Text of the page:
Is Education Becoming Infected With Money ?

In this article I want to plot out an argument that the instrumental effect of financialising areas of public value is a destructive force in our society, and that education is becoming ‘infected with money’. By this, I mean that the managerialism of putting finance at the heart of areas of life which are not profit driven is altering the fundamental nature of how people engage with institutions such as education.


We now find ourselves in an age where finance takes us into a neo-feudal system of administrative superstructures which come to govern every aspect of our lives. The managerialism which accompanies the finance brings endless bureaucracies of ever increasing outcomes and measurements, tendering processes, decreasing budgets, loss of agency and top down policy imposition. In corporate administrative workplaces, as Iris Marion Young puts it, “If people have decision making power, it is generally over others’ actions rather than their own” [1].


In our current UK situation, charities are being forced to become businesses via a social enterprise rhetoric [2], education is being sized up by investment bankers [3], even health [4] and prisons [5] are being viewed for their ability to yield a profit rather than serve an intrinsic social value. In his book ‘Captive State: the Corporate Takeover of Britain’, George Monbiot helps to illustrate the extent to which our education system has become infected by this replacing of public value with market values:


According to investment banker Michael Moe “The classic investment opportunity is where there’s a problem, the larger the problem, the larger the opportunity and there is no larger problem today than how to better educate our populace” [6]. The corporate takeover of education is a palpable and verifiable move. According to the Round Table of Industrialists, “The provision of education is a market opportunity and should be treated as such” [7].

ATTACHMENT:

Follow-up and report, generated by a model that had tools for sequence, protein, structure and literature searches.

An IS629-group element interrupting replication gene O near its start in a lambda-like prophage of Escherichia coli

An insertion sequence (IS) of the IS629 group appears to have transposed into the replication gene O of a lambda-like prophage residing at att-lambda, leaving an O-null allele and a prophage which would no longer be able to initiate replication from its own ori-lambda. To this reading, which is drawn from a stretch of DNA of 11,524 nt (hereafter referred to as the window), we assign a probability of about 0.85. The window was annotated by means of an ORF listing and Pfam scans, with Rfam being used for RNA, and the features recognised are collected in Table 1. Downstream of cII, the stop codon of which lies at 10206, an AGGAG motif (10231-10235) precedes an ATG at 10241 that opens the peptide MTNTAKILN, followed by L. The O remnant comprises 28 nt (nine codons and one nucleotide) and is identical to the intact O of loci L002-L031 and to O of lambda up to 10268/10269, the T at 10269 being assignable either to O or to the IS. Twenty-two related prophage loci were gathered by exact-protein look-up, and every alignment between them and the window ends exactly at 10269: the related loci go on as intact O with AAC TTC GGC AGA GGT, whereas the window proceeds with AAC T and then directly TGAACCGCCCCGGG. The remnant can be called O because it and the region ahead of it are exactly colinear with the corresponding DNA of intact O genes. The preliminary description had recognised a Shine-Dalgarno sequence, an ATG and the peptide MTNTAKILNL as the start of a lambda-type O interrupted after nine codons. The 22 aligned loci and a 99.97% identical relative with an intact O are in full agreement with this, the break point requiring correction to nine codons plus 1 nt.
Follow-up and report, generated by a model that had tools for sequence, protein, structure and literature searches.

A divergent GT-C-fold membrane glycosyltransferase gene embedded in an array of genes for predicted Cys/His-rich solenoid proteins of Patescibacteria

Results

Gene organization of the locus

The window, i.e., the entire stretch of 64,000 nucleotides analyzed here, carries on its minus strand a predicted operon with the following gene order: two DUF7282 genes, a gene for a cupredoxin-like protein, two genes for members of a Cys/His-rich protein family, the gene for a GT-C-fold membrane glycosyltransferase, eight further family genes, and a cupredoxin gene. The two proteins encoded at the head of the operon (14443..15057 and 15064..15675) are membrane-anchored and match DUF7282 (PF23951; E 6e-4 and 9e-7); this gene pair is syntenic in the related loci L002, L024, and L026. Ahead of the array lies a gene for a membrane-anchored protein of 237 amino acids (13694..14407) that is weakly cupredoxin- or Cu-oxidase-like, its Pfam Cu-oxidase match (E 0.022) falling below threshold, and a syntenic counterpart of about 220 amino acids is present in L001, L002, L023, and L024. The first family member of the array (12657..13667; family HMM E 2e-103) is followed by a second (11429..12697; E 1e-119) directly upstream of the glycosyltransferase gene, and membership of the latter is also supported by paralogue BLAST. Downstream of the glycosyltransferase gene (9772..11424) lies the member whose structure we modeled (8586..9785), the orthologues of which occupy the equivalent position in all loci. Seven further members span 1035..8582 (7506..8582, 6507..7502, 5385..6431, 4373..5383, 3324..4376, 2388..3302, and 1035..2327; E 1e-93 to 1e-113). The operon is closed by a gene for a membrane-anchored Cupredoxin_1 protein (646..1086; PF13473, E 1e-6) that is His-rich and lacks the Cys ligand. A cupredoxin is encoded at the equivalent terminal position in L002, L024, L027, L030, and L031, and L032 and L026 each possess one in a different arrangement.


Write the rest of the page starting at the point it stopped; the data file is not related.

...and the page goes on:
The report was created by the Competitiveness Working Group of the European Round Table and consisted of representatives of the following companies: BP, BT, Daimler-Benz, Ericsson, Hoffmann-La Roche, ICI, Investor, Nestlé, Nokia, Olivetti, Philips, Pirelli, Profilo Holding, Renault, Shell International, Siemens, Smurfit, Société Générale de Belgique, Solvay, Suez-Lyonnaise des Eaux, Unilever, VEBA and also representatives of BDI & UNICE [8]


If we take Umberto Eco’s notion of ‘kinship relations as the primary nucleus of institutionalised social relations’ we can understand that trying to impose the financial on the intellectual realm results in a distortion of the kinship relations [9]. It alters our interactions in relation to each other from one of personal and social growth which comes to bloom in society, to that of one where we are fulfilling the needs and desires of industry defined by corporations.


Lifelong learning

How does this infection manifest ? From the perspective of the Commission of the European Communities in Brussels lifelong learning involves social inclusion, active citizenship, personal development, and self-sustainability [10], in contrast to giving primacy to the values of competitiveness and employability that pervade market oriented values. Learners have been recast as consumers.


The relentless march of finance creates barriers and tolls to Lifelong Learning and erodes the capacity of teachers in formal education to focus on the development of the student. Most importantly, the effects of this culture are that those outside of education don’t get their valuable ideas and knowledge appreciated. Community education gets ostracised from funding processes as lacking high impact in the economy [11], whilst academics and teachers within formal education settings are instructed to bring money into the institution or face consequences.